SYDNEY (Reuters) - Iron ore miners may end up regretting a hard-won fight to establish spot-market pricing as the industry benchmark if a barrage of new mine production turns today’s supply deficit into tomorrow’s glut.
Conventional wisdom has miners on a fast track to riches for years to come as China, the world’s top producer and buyer of iron ore and maker of steel, continues to pursue rapid economic growth and a global economic recovery takes hold.
But even with spot ore prices rocketing above $175 a tonne , the highest on record, more than a few industry players are weighing whether dozens of new and expanding iron ore mine projects will outstrip steel demand and send prices into reverse as soon as 2012.
“We’ll take the higher prices when they come, but we must also be ready to accept a drop in a down market,” said Mike Young, managing director of Australia-based BC Iron, who plans to hedge output for the first time to protect against future price drops.
A turnaround in iron ore prices could hit BHP Billiton, Vale, Rio Tinto and other miners furiously digging for more supplies.
Current demand for 1.3 billion tonnes of iron ore produced annually suggests a deficit, according to official Australian government forecasts. But that deficit could vanish if iron ore output matches growth forecasts of 50 percent more ore by 2015.
At the same time steel output is widely forecast to grow by only a third, to about 1.7 billion tonnes.
For a graphic of iron ore production by country, click
The new iron ore pricing regime started on April 1, with reports BHP was paid $131 a tonne for its ore under April-June contracts based on the average January-March average spot price — more than twice last year’s fixed price.
Rio Tinto last week became the last of the world’s top three producers of iron ore, who control two-thirds of total seaborne iron ore trade worth about $88 billion in 2008, to dump benchmark pricing, despite bitter opposition from steelmills.
The price over the following three months will be determined by the indexed, or averaged, spot price between April and June.
Australia, the world’s largest exporter of iron ore, expects to ramp up its annual shipments by 40 percent to 552 million tonnes over the next five years.
More than two dozen mines are proposed or under development in Australia, some of which could contribute hundreds of millions more tonnes to worldwide supply.
Gindalbie Metals, which holds a $65 billion life-of-mine sales contract with China’s Ansteel, has the potential to produce 30 million tonnes of ore annually for three
decades from the Mid-West region of Western Australia.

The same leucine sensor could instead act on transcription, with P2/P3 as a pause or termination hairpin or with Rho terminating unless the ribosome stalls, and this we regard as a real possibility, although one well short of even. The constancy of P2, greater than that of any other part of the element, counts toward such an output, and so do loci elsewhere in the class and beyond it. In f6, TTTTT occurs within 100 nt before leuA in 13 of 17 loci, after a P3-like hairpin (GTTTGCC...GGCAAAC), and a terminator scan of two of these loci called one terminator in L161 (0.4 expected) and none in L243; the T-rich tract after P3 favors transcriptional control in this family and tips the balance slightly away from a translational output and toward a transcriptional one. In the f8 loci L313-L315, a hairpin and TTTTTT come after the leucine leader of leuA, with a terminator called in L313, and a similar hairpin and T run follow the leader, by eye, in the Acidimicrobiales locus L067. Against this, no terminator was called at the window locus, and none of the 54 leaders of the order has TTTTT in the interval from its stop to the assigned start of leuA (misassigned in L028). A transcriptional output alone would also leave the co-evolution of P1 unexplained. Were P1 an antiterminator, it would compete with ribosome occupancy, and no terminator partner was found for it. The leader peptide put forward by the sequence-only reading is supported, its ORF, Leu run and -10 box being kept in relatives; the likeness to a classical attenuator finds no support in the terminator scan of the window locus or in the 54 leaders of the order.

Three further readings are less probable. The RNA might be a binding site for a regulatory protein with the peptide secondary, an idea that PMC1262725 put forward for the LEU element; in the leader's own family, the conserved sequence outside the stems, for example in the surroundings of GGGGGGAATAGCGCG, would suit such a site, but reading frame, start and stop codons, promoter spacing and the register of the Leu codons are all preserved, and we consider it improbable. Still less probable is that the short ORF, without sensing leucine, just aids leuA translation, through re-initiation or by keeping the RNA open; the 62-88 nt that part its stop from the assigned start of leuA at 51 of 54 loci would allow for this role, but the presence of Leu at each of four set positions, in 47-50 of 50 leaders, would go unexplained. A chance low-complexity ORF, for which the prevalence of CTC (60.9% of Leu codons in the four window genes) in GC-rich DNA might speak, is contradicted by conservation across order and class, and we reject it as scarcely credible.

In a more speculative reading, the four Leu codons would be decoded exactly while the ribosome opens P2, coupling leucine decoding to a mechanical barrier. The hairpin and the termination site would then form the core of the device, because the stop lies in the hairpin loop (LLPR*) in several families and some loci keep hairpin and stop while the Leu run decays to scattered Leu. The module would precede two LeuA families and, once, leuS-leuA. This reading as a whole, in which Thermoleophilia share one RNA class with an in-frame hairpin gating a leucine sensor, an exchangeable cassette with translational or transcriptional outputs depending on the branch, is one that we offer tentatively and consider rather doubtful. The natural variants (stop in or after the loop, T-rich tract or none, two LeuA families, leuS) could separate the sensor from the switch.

Unlike the rich Pilbara iron belt to the north that has sustained BHP and Rio for decades, the Mid-West is only now starting to yield the first of an estimated 1.5 billion tonnes of ore.
“Gindalbie and the others in the Mid-West haven’t even begun to tap the potential there,” said Gindalbie Managing Director Garett Dixon. “That means a lot more ore going out the door.”
China has also taken higher iron ore prices as a cue to dig at home and hopefully find richer supplies in the face of declining grades to lessen its reliance on imports.
Globally there are projects from West Africa to Brazil such as the Caraja Serra Sul project which alone will yield 10 million tonnes more ore than is needed to meet 50 million-tonne-per-year growth in global steel production forecast by Hatch Corporate
Finance Chief Executive Rod Bellows.
The cumulative effect of the production boom has some analysts predicting a glut.
“Iron ore markets are set to remain tight for the next two to three years, but could be heading into protracted oversupply,” said Citi commodities analyst Alan Heap.
Iron ore prices fell for the first time in more than a decade in 2009, when the global financial crisis left the world with more ore than steelmakers could use. That ended when China began a massive economic stimulus programme that same year.
But Eric Li, vice president of business lobby group CBI China, predicts steel demand growth “will significantly drop and domestic iron ore supply will dramatically rise” in 2010.
China has repeatedly tightened monetary policy this year to cool inflation, stirring concern demand could wane and quickly reverse the direction of ore prices.
“Mess with Chinese demand and every iron ore producer will feel the effect,” said DJ Carmichael & Co analyst James Wilson.
It is not just China. Globally, steel prices are levelling off after sharp hikes in the second half of 2009, said Trent Allen, iron ore analyst at Resource Capital Research.
“In spite of the recovery, there are some short to mid-term downside risks for iron ore,” Allen said.
“These include oversupply in the steel sector as the result of cheap credit, especially in China, and a decrease of stimulus-driven stockpiling and investment in new mines, which
could lead to an oversupply of iron ore.”
Editing by Ed Lane